There are serious consequences for failing to follow these standards. “If a company is not complying with CGMP regulations, any drug it makes is considered “adulterated” under the law.” The company (and its executives) face serious enforcement issues.

While FDA cannot force a company to recall a drug, companies usually will recall voluntarily or at FDA’s request. If a company refuses to recall a drug, FDA can warn the public and can seize the drug. FDA can also bring a seizure or injunction case in court to address CGMP violations even where there is no direct evidence of a defect affecting the drug’s performance. When FDA brings a seizure case, the agency asks the court for an order that allows federal officials to take possession of “adulterated” drugs. When FDA brings an injunction case, FDA asks the court to order a company to stop violating CGMPs. Both seizure and injunction cases often lead to court orders that require companies to take many steps to correct CGMP violations, which may include repairing facilities and equipment, improving sanitation and cleanliness, performing additional testing to verify quality, and improving employee training. FDA can also bring criminal cases because of CGMP violations, seeking fines and jail time.

The Code of Federal Regulations is a collection of regulations. Regulations are rules or directives that federal agencies like the United States Food and Drug Administration (“FDA”) and Environmental Protection Agency promulgate, or put into effect through a legal process. One may say they are not technically “laws” because they were not passed by the legislature (Congress) and signed by the executive (President), but that’s an oversimplification. The bottom line is, if you do not follow them, you can find yourself in significant trouble, even in jail.

TVC and similarly situation companies, as well as the people who download TVC’s instructions and 3D print drugs and devices, are therefore at serious risk from a product liability standpoint as well as a regulatory enforcement perspective. If the instructions are flawed in some way, such as the specifications being inaccurate, the 3D printing equipment fails, or some contaminant gets into the mix, that could give rise to manufacturing defect claims. Certainly, the people making the product according to TVC’s instructions would be at risk, but TVC’s liability, from a manufacturing defect, might be more attenuated and difficult to prove. The company that made the 3D printer could get dragged into it as well if there was a problem with the printer.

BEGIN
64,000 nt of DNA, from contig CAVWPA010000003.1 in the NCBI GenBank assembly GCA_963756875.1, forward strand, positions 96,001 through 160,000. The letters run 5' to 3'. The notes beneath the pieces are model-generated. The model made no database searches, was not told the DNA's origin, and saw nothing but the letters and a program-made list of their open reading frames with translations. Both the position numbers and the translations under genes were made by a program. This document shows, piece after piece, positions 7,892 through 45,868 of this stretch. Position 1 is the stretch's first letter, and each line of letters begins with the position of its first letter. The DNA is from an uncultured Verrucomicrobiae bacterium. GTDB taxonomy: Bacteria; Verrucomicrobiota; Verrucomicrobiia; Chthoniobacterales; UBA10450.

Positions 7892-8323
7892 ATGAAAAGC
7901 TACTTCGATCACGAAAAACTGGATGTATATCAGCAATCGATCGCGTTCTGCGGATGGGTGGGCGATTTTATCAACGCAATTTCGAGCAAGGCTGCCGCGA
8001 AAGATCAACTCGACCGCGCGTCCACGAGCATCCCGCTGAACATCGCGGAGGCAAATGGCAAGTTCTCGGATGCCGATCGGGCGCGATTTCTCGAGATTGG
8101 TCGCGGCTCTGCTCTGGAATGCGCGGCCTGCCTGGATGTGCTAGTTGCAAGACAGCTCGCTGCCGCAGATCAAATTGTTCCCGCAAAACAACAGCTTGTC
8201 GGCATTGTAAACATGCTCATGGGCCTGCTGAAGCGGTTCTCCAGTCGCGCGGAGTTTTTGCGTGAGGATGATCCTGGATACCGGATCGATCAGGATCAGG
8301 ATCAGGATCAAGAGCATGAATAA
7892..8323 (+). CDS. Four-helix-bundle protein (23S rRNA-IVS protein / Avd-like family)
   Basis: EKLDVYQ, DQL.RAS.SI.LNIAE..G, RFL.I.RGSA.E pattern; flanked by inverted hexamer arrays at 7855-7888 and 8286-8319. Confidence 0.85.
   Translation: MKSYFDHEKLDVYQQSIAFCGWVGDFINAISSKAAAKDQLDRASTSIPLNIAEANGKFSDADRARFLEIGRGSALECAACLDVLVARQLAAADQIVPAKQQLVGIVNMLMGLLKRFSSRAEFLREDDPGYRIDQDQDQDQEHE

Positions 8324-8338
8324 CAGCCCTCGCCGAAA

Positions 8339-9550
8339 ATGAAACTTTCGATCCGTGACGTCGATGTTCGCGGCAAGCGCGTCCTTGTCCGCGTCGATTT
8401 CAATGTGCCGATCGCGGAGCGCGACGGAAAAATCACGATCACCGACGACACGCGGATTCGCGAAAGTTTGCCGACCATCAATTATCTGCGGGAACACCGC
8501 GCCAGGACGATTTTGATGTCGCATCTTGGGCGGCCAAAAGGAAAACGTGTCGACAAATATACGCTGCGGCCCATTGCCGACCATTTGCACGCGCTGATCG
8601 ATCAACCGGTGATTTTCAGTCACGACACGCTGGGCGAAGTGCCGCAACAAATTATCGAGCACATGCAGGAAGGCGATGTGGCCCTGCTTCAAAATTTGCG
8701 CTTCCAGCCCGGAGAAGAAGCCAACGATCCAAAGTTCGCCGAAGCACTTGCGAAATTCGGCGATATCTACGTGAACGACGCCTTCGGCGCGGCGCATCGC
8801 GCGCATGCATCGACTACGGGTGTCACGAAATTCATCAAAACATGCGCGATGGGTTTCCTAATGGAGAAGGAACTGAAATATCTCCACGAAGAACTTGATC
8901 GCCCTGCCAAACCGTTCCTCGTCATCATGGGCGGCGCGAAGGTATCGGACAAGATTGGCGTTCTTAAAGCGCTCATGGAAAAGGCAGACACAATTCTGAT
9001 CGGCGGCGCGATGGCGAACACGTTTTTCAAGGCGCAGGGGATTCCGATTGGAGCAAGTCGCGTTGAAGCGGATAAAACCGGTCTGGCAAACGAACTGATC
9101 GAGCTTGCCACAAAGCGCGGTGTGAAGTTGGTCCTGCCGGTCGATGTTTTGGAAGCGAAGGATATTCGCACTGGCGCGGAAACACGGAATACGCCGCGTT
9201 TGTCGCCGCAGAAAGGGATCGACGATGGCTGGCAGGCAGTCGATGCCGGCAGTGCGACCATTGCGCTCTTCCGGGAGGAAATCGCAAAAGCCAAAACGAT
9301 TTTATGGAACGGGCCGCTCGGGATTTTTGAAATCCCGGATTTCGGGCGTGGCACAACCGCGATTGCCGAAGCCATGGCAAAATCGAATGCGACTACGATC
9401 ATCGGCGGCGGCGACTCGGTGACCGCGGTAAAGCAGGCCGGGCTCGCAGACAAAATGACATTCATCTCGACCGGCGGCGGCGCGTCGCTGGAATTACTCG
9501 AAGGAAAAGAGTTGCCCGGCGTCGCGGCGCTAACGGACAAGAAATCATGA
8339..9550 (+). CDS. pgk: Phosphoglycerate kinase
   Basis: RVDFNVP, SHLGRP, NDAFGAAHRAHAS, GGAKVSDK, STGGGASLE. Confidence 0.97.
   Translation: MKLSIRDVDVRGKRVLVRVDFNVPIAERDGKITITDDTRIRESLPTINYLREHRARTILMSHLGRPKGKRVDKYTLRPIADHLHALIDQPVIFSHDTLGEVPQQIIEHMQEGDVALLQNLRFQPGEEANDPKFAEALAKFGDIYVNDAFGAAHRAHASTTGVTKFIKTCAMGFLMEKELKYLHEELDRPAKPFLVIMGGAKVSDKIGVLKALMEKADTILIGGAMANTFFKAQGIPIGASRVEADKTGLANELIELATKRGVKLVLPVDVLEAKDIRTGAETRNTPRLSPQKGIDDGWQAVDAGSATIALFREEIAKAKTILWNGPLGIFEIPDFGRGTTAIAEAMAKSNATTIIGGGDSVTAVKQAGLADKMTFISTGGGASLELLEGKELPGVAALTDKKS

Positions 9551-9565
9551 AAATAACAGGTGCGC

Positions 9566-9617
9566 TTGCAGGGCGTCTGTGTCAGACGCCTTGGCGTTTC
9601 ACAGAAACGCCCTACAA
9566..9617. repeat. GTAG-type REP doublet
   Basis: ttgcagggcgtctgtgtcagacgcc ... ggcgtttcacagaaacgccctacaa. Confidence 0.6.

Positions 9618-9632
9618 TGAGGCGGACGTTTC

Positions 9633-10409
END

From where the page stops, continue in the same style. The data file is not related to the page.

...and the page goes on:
II. Design defect claims would likely apply to companies or individuals providing 3D printing instructions and doing the printing.

Generally, design defects are problems or risks present when the product is designed as opposed to made. The item may adequately serve its designed purpose but may also carry a fatal flaw that causes injuries. A defective drug may include a chemical compound that causes cancer, for example, when there was a safer alternative chemical that could and should have been used. A defectively designed medical device may fail because of how it was made to function, such as a pump that allows air to get into the blood or an artificial hip that includes metal that causes allergic reactions. The hernia mesh litigation provides another example of design defect claims – many of the mesh were made with material that can cause or contribute to infections or made in such ways that they migrate – move around the body – and perforate, or cut, internal organs.

TVC is in a sense creating the design by virtue of its instructions. Presumably, TVC is developing the instructions from other sources for the chemical compounds for the drugs or the engineering specifications for devices, but it is involved in the chain and therefore at risk. Certainly the person operating the 3D printer is exposed to this type of product liability lawsuits too, especially if they modify the instructions in any way.

Additionally, drugs and devices come with labeling – details about the product and how to use it, including warnings. The design of a product includes its labeling. Therefore, design defect claims include labeling based claims. They can be strict liability claims, which means the defendant is liable regardless of its intent or conduct, or they can be claims sounding in negligence.

Failure to provide warnings or adequate instructions is a frequent claim in all product liability lawsuits and especially medical device and pharmaceutical litigation. Labeling should include warnings about risks. This is a common issue in medical device and drug lawsuits. Invokana is one such example on the drug side.

The instructions and warnings aspect of 3D printing is particularly interesting. They would include about the product itself, but also concerning how to make the product. Additionally, there is an entire body of law regarding who should be liable for warnings when someone makes a “copy-cat” of a drug for example. Generic drugs are essentially copy-cat drugs.